If you want to build a FS, be it newish, or 10yrs old, good for you. But as has been pointed out already, you need to at least have an idea of what frame you're going for first. You had initially said you were looking at DH and XC frames, it's impossible to base any sort of recommendation on that information. Even just saying you're after a 100mm travel FS isn't that useful considering they can be designed for anything from 80mm to 160mm forks.

    I'm not looking to build a frankenbike or anything that compares to the latest lapierre, spesh, yeti or whatever. It seems a lot of folk replace their fork on brand new bikes so there is little difference to what i'm looking at doing,

    There is a MASSIVE difference in what you're doing. People replacing forks on brand new bikes already have a frame sat there, so can see what kind of forks would work. Anyone who replaces the forks without knowing how it will effect that specific frame is a douche and is not someone you want to try and emulate.
    The reason for the question was more geometry related than anything else

    And that's exactly why people have been asking you what frames you're looking at. Geometry varies massively from frame to frame. Thare is no such thing as the ideal fork for a 4" rear travel frame.
    It's like saying, what's the best seatpost for a carbon frame.
  • sorry cwnt the reply about a complete bike wasnt aimed at you. Was just answering more than one post and probably should have quoted really.

    I know I was vague in the original question but did try to add a couple of suggestions in one of my replies. XC would be a preferred frame but I wasnt sure if rear travel was important or not to front fork travel. I would like to try an old DH frame for the craic and the fact it would be very different to what I have but I don't really think the forks I own would be up to the job.

    A couple of frames that took my eye recently were Marin Wolf/Trail ridge and Scott G-0 if they are any help.
  • supersonicsupersonic Posts: 82,708 Lives Here
    Old Marins are excellent buys, there is nothing wrong with the suspension on them at all. Also have very good bearings. But most are designed for 100mm forks.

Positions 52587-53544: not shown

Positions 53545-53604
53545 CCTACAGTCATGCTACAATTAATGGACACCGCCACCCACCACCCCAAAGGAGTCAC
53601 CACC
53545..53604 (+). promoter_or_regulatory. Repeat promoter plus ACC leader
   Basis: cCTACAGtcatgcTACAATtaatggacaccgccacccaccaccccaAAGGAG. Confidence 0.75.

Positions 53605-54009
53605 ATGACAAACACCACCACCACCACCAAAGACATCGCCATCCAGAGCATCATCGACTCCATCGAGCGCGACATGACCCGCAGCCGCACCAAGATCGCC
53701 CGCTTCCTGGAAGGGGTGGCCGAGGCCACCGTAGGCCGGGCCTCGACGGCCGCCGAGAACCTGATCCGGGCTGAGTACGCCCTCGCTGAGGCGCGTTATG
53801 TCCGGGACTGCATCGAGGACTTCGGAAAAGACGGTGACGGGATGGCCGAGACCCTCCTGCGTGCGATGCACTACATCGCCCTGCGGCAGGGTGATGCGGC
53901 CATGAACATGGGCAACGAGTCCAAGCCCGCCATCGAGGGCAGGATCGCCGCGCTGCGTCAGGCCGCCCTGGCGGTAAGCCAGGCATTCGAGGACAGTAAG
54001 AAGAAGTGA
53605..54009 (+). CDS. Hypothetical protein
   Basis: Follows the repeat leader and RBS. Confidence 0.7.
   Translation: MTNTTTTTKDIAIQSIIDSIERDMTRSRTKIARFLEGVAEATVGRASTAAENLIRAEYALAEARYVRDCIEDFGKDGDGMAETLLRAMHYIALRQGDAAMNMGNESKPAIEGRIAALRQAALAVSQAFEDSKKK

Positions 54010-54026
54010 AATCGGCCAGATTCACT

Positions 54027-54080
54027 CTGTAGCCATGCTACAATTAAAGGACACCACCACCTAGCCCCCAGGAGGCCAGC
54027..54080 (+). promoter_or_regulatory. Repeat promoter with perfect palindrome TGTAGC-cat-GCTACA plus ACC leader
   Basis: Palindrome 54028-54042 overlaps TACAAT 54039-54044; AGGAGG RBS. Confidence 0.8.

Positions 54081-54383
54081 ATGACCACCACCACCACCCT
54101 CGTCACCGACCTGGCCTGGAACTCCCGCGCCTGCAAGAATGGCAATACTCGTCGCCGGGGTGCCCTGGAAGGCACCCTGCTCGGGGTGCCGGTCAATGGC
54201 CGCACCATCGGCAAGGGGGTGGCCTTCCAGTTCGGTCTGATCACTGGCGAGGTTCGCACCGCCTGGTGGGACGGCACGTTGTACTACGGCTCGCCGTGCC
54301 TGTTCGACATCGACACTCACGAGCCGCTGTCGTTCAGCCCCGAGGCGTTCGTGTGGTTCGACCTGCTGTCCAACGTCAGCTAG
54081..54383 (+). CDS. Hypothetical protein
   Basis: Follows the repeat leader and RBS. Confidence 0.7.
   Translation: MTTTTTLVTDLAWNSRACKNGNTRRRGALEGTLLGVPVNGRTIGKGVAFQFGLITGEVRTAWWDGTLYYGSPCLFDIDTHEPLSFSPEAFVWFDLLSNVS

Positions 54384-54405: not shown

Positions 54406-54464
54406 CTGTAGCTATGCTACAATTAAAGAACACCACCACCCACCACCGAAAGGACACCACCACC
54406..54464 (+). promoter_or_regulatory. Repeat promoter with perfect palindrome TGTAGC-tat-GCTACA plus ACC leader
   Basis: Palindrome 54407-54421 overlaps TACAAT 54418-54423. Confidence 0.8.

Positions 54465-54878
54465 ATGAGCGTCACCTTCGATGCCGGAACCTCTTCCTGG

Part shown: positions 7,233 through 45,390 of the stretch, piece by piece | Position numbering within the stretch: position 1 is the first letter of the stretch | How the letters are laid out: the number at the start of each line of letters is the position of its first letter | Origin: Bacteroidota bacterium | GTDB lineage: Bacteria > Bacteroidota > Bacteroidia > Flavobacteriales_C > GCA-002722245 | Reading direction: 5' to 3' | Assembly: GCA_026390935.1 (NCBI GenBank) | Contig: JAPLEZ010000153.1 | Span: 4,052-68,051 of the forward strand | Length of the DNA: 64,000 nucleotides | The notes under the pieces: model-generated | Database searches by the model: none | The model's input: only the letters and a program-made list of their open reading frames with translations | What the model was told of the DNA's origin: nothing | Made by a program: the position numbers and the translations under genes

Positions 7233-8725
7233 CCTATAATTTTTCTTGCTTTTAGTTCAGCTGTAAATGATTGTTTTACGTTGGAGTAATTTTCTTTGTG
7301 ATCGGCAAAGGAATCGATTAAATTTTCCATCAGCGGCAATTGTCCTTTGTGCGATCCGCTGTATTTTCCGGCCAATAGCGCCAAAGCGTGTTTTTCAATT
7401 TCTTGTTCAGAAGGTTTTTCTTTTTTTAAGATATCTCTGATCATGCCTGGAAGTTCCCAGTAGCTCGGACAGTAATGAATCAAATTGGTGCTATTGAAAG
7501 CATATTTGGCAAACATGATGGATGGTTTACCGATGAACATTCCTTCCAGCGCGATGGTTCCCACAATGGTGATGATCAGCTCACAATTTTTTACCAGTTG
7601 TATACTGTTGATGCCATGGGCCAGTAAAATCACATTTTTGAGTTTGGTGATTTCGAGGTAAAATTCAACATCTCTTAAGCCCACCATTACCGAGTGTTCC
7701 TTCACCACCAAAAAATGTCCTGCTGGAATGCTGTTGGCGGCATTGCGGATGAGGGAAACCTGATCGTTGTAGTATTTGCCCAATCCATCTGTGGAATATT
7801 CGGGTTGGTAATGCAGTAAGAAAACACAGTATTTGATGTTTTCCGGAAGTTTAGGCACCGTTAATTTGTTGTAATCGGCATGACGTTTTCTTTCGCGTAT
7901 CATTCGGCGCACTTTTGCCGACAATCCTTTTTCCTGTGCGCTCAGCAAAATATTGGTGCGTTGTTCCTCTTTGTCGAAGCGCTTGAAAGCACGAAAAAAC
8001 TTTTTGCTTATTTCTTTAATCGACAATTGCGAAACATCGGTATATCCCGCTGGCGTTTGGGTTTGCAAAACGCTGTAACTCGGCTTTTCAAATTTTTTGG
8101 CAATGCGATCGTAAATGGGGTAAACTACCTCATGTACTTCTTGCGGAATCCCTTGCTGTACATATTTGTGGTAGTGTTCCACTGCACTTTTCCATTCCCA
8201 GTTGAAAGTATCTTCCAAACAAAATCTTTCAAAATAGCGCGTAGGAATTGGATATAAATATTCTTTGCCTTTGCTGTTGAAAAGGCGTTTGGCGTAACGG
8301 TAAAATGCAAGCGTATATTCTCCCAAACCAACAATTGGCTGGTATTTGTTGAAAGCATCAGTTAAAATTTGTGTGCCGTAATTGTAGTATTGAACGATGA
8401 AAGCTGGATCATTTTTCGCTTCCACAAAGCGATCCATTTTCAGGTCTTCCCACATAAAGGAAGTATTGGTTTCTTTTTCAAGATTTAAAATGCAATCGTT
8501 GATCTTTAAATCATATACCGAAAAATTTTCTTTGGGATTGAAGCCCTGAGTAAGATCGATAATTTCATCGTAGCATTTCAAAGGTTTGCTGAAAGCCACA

• No worries, what sort of budget are you looking at anyway?
  • GhosttGhostt Posts: 192
    Out of interest, what do you currently ride?
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  • The RookieThe Rookie Posts: 27,747
    If this is a bitza build you need to choose a frame to match your current parts, especially forks, to get a ride that is representative of a modern FS suitable for XC/trail you'll need something at most 6 years old with a decent enough air shock, anything else will just make it seem worse than a decent HT, I'd look for a Boardman FS frame and match to 120/130mm forks (if that is what you have) and at least it will be a basis for a decent ride.
  • EH_RobEH_Rob Posts: 1,134
    supersonic wrote:
    Old Marins are excellent buys, there is nothing wrong with the suspension on them at all. Also have very good bearings. But most are designed for 100mm forks.

    +1, marin would be a good shout.
  • supersonic wrote:
    Old Marins are excellent buys, there is nothing wrong with the suspension on them at all. Also have very good bearings. But most are designed for 100mm forks.

    Cheers for that, could be a serious contender then :)
    No worries, what sort of budget are you looking at anyway?

    budget has been around £50-£100 since its just a bit of fun. No major rush though really.
    Ghostt wrote:
    Out of interest, what do you currently ride?

    Another bitza that started out as a GT Avalanche :)
    If this is a bitza build you need to choose a frame to match your current parts, especially forks, to get a ride that is representative of a modern FS suitable for XC/trail you'll need something at most 6 years old with a decent enough air shock, anything else will just make it seem worse than a decent HT, I'd look for a Boardman FS frame and match to 120/130mm forks (if that is what you have) and at least it will be a basis for a decent ride.

    That was the initial plan, a cheap fs that matched the current spares. I have a couple of spare forks kicking around that range from 80-120mm. my 'best' forks are 100-120mm but they are on the HT at the mo.
  • supersonicsupersonic Posts: 82,708 Lives Here
    There was a guy selling a marin in the classifieds here for 70 quid.
  • snoopsmydoggsnoopsmydogg Posts: 1,110
    edited November 2012
    supersonic wrote:
    There was a guy selling a marin in the classifieds here for 70 quid.

    Had seen that one a little while back and another has come up too. Is there much difference between a springs and amount vision?
  • supersonicsupersonic Posts: 82,708 Lives Here
    Mount Vision Pros are generally lighter.